This is a great article… I’m stillnot sure what kind of genius I am, but I definitely like the idea that I might be a late bloomer if something incredible doesn’t materialize soon….(Thanks Chuck!)
Wired 14.07: What Kind of Genius Are You?
In the fall of 1972, when David Galenson was a senior economics major at Harvard, he took what he describes as a âgutâ? course in 17th-century Dutch art. On the first day of class, the professor displayed a stunning image of a Renaissance Madonna and child. âPablo Picasso did this copy of a Raphael drawing when he was 17 years old,â? the professor told the students. âWhat have you people done lately?â? Itâs a question we all ask ourselves. What have we done lately? It rattles us each birthday. It surfaces whenever an upstart twentysomething pens a game-changing novel or a 30-year-old tech entrepreneur becomes a billionaire. The question nagged at Galenson for years. In graduate school, he watched brash colleagues write dissertations that earned them quick acclaim and instant tenure, while he sat in the library meticulously tabulating 17th- and 18th-century indentured-servitude records. He eventually found a spot on the University of Chicagoâs Nobelist-studded economics faculty, but not as a big-name theorist. He was a colonial economic historian â a utility infielder on a team of Hall of Famers.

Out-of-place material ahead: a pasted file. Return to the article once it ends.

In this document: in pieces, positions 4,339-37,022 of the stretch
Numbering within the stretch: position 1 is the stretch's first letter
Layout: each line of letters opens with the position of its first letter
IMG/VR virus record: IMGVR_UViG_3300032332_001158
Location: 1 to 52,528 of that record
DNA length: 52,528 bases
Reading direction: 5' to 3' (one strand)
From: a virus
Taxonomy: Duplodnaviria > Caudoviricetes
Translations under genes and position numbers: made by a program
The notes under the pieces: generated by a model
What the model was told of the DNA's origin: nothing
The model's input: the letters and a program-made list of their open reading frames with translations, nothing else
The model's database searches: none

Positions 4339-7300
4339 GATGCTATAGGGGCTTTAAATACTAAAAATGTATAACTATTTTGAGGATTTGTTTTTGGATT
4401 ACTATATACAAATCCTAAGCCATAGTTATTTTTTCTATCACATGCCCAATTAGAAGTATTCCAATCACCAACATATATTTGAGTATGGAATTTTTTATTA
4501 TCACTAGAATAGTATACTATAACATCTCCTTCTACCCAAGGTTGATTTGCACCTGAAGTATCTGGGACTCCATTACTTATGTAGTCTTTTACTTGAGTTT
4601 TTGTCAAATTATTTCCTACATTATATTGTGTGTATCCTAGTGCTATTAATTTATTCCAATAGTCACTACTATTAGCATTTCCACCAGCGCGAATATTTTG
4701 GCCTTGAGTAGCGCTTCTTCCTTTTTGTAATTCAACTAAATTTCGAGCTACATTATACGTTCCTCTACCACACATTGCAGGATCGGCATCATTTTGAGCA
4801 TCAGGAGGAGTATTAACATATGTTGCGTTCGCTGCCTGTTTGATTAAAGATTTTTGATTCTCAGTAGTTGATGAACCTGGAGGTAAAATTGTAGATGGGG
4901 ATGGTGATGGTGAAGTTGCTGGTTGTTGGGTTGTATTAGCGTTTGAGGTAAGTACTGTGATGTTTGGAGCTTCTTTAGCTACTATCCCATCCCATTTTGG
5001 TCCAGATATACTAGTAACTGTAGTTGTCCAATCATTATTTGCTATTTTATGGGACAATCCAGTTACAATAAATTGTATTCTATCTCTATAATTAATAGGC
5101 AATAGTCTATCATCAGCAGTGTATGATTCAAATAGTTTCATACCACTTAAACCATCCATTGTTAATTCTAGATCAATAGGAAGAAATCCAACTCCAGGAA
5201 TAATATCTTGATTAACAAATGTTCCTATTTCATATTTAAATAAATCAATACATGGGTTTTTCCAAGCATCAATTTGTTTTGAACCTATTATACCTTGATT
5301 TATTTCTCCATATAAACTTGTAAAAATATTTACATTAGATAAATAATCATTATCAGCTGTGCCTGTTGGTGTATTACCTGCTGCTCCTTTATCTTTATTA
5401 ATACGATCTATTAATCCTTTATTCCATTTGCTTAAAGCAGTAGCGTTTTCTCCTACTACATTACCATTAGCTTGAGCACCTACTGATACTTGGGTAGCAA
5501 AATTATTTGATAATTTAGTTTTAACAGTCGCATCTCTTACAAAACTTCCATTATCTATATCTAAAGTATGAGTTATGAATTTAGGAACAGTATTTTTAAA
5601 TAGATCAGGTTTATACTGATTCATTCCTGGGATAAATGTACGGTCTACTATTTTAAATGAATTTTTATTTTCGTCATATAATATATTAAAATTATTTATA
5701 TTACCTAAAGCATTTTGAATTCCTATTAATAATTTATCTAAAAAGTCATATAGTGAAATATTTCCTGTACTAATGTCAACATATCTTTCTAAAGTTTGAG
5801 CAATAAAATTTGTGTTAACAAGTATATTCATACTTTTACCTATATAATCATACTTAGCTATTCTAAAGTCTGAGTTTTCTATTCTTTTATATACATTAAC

Now, however, Galenson might have done something at last, something that could provide hope for legions of late bloomers everywhere. Beavering away in his sunny second-floor office on campus, he has scoured the records of art auctions, counted entries in poetry anthologies, tallied images in art history textbooks â and then sliced and diced the numbers with his econometric ginsu knife. Applying the fiercely analytic, quantitative tools of modern economics, he has reverse engineered ingenuity to reveal the source code of the creative mind.